Our learning environment
As a master’s student at Manchester, you’ll benefit from our excellent blended learning and teaching methods.
You’ll learn from leading teachers and scholars who are acknowledged international experts in their respective fields.
Our approach to teaching and learning is blended and flexible. This means your on-campus learning, including traditional laboratory-based work, lectures and seminars, will be enhanced with digital materials that you can work through when it best suits you.
How we teach on postgraduate courses
Teaching and learning at a postgraduate level can be quite different from the undergraduate level. How you are taught will largely depend on course content, level of study and your academic tutor, but everyone will need to undertake independent study.
Most of our master’s courses are only one year long, so you will begin to specialise in topics that interest you or start to work on a particular area of research where you want to conduct further study.
Studying at a postgraduate level involves a greater emphasis on self-directed study than at an undergraduate level. You’ll need to think and study independently, conduct more extensive background reading and bring your ideas to seminars and tutorials for discussion and debate.
- Continuous assessment – where your marks or grades for essays, projects and laboratory work during the year are considered when deciding your final mark.
- Exams – either in-person or online, can be daunting, but there is plenty of support available to you before and leading up to exam periods.
- Other assessments include presentations, written assignments, and conducting research and portfolios.
Master's teaching and learning methods
A lecture is normally a presentation or demonstration designed to give you an overview of a topic (although there may also be interactive lectures) with the opportunity to ask questions at the end.
Lectures are widely used across the University to deliver information, ideas and theories to a large number of students with our biggest lecture theatre located in University Place.
Seminars and tutorials involve small groups of students and are often led by an academic tutor or guest speaker and involve a presentation, but the format is normally informal and promotes open discussion around specific topics or theories.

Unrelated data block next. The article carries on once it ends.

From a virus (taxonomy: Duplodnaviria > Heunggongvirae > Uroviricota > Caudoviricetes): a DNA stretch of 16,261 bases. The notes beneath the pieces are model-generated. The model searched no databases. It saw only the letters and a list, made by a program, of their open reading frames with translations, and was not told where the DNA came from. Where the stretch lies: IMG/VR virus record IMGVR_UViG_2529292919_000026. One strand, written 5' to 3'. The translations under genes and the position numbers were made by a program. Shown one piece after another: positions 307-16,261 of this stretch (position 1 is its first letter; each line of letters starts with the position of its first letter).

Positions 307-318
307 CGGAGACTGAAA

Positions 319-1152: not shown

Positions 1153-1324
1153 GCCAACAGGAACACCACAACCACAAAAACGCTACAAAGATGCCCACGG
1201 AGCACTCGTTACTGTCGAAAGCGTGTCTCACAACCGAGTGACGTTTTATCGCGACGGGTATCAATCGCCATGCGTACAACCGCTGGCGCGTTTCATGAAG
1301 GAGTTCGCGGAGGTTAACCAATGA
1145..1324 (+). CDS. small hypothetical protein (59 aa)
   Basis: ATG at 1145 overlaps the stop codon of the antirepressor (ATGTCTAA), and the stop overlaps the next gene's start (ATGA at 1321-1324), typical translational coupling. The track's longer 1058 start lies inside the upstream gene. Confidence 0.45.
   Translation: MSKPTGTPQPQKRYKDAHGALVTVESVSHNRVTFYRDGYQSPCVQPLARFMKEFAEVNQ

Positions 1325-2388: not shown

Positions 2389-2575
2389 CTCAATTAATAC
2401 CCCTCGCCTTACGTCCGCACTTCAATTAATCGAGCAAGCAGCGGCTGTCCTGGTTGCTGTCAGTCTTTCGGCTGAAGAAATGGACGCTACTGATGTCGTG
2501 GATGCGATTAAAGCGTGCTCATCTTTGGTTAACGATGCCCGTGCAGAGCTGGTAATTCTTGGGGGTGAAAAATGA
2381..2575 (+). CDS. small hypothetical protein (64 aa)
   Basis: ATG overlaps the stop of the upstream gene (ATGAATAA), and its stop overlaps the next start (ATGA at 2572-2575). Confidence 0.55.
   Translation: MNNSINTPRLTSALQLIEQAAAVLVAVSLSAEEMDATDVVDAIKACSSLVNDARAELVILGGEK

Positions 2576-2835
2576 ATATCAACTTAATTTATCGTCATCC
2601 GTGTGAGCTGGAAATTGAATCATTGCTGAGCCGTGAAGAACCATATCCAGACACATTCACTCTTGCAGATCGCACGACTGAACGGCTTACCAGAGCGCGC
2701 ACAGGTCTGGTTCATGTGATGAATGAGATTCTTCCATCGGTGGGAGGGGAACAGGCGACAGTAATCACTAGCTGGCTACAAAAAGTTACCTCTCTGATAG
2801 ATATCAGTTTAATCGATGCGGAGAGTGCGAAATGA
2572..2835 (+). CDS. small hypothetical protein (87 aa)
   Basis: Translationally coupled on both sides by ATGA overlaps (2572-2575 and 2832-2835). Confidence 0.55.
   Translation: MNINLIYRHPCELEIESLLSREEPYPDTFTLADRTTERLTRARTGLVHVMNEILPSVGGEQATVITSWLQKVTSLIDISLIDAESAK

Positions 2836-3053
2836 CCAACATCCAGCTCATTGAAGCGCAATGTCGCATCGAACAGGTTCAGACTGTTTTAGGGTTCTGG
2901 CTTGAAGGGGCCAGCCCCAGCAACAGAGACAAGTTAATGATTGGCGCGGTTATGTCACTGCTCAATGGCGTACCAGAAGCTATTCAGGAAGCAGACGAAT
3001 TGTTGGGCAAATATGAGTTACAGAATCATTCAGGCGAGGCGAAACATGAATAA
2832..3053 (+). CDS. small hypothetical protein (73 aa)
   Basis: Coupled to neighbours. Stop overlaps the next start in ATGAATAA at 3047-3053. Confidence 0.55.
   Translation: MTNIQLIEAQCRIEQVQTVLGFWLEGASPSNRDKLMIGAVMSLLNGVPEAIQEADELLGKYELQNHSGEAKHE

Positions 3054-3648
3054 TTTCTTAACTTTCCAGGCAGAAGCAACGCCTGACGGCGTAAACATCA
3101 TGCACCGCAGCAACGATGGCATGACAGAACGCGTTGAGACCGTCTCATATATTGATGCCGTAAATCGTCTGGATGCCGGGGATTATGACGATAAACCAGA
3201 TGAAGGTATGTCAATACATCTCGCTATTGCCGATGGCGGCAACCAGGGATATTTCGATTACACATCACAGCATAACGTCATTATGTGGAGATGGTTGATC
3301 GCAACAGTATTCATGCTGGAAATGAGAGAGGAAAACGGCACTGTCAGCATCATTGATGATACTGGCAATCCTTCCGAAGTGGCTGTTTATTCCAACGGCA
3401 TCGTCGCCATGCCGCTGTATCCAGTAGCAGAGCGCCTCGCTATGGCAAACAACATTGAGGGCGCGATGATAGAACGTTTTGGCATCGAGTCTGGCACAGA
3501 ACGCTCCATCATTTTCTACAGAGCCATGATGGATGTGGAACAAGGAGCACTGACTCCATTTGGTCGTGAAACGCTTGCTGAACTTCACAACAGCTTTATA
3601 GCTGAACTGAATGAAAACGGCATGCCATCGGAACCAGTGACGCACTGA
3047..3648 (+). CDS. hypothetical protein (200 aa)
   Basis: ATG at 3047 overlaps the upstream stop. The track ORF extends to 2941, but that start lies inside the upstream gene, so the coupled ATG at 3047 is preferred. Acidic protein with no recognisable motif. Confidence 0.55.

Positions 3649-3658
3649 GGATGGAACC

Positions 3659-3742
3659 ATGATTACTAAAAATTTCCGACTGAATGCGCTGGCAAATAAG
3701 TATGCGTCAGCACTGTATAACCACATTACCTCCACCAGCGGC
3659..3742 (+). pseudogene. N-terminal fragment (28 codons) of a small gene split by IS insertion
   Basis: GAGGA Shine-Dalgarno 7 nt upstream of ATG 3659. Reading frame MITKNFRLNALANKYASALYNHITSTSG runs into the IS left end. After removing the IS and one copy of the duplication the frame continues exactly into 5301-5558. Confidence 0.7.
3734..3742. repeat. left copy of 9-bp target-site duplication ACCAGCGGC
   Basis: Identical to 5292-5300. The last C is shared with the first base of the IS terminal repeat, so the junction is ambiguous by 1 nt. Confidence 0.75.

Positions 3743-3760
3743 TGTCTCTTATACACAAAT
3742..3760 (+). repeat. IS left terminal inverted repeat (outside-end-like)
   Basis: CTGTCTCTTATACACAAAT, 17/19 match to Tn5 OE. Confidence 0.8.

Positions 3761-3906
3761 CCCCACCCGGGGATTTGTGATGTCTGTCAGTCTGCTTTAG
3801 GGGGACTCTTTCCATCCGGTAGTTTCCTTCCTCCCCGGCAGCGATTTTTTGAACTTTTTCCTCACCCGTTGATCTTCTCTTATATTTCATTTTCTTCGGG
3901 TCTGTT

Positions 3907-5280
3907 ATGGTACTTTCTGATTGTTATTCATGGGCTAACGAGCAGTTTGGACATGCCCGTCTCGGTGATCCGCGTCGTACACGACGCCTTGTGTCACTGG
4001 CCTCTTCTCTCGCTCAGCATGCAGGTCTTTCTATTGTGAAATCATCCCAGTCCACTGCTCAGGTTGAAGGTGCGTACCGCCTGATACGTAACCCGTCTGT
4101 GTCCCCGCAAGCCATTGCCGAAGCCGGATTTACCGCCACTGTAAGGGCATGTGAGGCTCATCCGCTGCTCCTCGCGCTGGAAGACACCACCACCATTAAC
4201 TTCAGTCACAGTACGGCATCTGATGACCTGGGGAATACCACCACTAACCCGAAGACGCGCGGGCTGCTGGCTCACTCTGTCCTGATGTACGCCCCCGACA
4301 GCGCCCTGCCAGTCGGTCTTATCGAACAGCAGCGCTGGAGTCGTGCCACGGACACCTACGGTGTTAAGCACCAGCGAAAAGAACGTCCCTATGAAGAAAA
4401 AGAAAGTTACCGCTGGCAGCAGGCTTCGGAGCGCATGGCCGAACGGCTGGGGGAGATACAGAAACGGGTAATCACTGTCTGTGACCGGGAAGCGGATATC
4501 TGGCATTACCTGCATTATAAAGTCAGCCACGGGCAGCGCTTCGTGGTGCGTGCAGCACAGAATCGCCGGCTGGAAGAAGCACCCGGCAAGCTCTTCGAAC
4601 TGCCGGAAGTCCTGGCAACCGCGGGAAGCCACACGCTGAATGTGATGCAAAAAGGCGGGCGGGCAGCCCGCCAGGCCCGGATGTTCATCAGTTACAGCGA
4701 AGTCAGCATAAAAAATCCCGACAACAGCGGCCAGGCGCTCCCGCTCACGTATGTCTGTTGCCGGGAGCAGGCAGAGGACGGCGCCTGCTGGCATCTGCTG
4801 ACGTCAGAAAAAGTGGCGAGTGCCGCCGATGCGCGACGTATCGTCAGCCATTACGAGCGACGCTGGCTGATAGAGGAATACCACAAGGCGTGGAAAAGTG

You will need to take responsibility for your learning and manage your time to fit independent study around your academic timetable and any other activities that you are involved in.
There are plenty of study spaces on campus to work independently or in groups.
Learning by doing is an essential part of science, engineering or health-related courses. These sessions aim to give you an insight into a working environment, knowledge of experimental methods and techniques and put academic theory into practice.
You may be asked to work independently, in pairs or as part of a small team and for most courses, where there is a practical element, you will need to submit a piece of work which will count towards your overall grade.
Fieldwork or field trips can be a compulsory element of some courses and can help you put your theoretical knowledge into practice.
Trips can range from one-day sessions to longer, more in-depth expeditions in the UK and abroad that allow you to explore specific areas and learn techniques.
Each course differs, but you may need to pay extra for your field trips, so keep this in mind when budgeting for the year. View your course details for more information.
Enquiry-based learning (EBL) is adopted by many disciplines across the University. In EBL, students work in groups to address real-life scenarios.
You will need to work as a team to critically appraise information and investigate potential solutions while identifying what skills or knowledge you need to effectively manage the situation.
As part of your master’s degree, you may need to complete a final project where you'll conduct a piece of empirical research that addresses a specific research question in a field related to your course. This may incorporate laboratory or field/workplace-based investigation, data handling or a systematic review.
There will usually be a specific time limit to complete this, but you’ll normally choose, with your supervisor, how much time to spend on it.
Your research is normally presented in writing, but in some cases, you may be asked to give a formal presentation on the results of your project.
Many courses include digital learning components, which can be an assessed part of your degree.
We have a virtual learning environment called Blackboard that allows you to study online using materials created by your lecturers, download papers, take online tests, and access relevant audio and video material.
We're also creating technology-rich learning spaces across the campus, including access to the widest range of digital resources of any UK university.
On many of our master's courses, you'll have the chance to get involved in research. These opportunities mean you can be involved in work that has a real impact beyond your degree and equip you with the analytical skills that will help you take the next step in your career, or as a doctoral researcher.